Diagnosis of breast cancer used mammography, biopsy and ultrasound testing. Prognosis and survival rates vary greatly depending on cancer type, staging and treatment, and geographical location of the patient. Prognostically favorable are smaller tumor size and absence or paucity of local lymph node involvement. At a young age Diagnosis of breast cancer is associated with a higher likelihood of developing hereditary breast and ovarian cancer (HBOC). The diagnosis is made later in males—at age 67 on average—than in females with their average at 63.

Associated diseases

  • obesity
  • infertility
  • pleurisy (an inflammation of the membranes (pleurae))
  • bone cancer


Complications of breast cancer can include spread of the cancer to other organs, progressive function loss of various organs. Other complications include depression, loss of sexual interest, mastalgia (breast pain), Lymphoedema (excess lymph collects in tissues) and nipple discharge.

Risk factors

The primary risk factors for breast cancer are being female, age, lack of childbearing or breastfeeding. Pregnancy causes extensive changes to the breasts, making breast cells less likely to multiply, and also less likely to develop tumours—which could explain the protective effect of pregnancy for younger women. However, it is unclear why becoming a first-time mother at an older age has the opposite effect. After age 35, breast tissue is more likely to have accumulated cells carrying cancer-causing mutations, or clusters of abnormal cells with the potential to become cancerous.

Higher hormone levels, race, economic status, dietary iodine deficiency, obesity, lack of physical exercise and drinking alcohol are other risk factors for developing breast cancer.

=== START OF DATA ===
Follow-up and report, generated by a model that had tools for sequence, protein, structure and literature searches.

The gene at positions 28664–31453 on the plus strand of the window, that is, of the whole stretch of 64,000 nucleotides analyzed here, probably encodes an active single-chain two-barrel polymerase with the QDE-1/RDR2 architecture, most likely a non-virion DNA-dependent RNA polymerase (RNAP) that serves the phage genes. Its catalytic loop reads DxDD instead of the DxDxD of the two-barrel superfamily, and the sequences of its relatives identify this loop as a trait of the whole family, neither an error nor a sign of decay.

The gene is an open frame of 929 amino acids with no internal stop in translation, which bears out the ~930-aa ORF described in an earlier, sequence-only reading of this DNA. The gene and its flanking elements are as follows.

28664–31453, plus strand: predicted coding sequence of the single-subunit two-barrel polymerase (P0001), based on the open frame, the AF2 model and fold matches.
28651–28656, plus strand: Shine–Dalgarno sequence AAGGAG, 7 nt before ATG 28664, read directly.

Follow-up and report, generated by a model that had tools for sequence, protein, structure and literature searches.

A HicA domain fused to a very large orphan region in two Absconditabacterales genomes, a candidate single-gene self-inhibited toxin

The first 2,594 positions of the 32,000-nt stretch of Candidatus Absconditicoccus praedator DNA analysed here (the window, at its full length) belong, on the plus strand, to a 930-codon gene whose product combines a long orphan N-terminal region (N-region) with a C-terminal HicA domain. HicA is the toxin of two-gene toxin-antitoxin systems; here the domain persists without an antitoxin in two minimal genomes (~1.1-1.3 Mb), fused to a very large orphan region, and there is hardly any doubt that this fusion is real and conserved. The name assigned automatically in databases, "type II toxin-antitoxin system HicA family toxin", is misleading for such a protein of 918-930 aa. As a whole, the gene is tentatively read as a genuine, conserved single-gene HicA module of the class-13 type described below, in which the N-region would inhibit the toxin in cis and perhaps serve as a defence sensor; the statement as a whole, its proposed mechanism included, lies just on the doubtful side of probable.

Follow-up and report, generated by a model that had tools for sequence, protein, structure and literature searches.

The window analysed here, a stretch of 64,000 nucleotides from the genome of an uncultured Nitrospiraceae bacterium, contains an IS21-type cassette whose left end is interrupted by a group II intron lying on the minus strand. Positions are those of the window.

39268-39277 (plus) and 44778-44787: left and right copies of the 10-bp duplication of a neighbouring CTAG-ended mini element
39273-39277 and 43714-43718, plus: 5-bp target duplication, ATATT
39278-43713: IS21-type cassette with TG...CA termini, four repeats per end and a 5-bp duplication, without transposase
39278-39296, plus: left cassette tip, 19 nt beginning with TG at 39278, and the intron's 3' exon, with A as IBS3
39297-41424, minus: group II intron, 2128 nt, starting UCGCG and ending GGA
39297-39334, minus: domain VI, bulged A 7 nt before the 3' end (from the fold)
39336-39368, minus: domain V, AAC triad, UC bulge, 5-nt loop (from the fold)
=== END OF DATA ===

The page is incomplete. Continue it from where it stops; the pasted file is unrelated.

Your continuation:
Smoking tobacco may increase the risk of breast cancer, with starting early and smoking more increasing the risk. Other risk factors include demographic and medical risk factors, a personal or family history of breast cancer, and atypical breast changes.

The association between breast cancer and infertility has not been consistently studied, but it may be explained by hormonal disorders linked to infertility (such as thyroid disorders or diabetes), a different reproductive risk factor profile in infertile women (such as smoking), or by a combination of these two factors.

Future fertility is a significant concern for patients undergoing cancer treatment. The adverse effects of chemotherapy and radiotherapy on female and male reproduction have long been recognized. Part of the difficulty in counseling patients regarding the risk of infertility and/or subsequent pregnancy complications is that the risks are dependent on several factors. These risks include the dose and duration of treatment, other risk factors for infertility, the age of the patient, and the patient’s baseline ovarian reserve (the ability of a woman's ovaries to produce high-quality eggs) at the time of initiation of treatment.

Somme female patients choose to have mature eggs extracted and fertilized outside of the body with sperm from a partner or donor. The resulting embryo is then frozen until the woman is in remission from disease. When the woman is ready to initiate pregnancy, the embryo is thawed and implanted into the uterus for maturation and birth. While this option is the most common fertility preservation method in women, it is not available to pre-pubescent girls, who do not have mature eggs that can be fertilized. Women who do not have a partner will need to use donor sperm.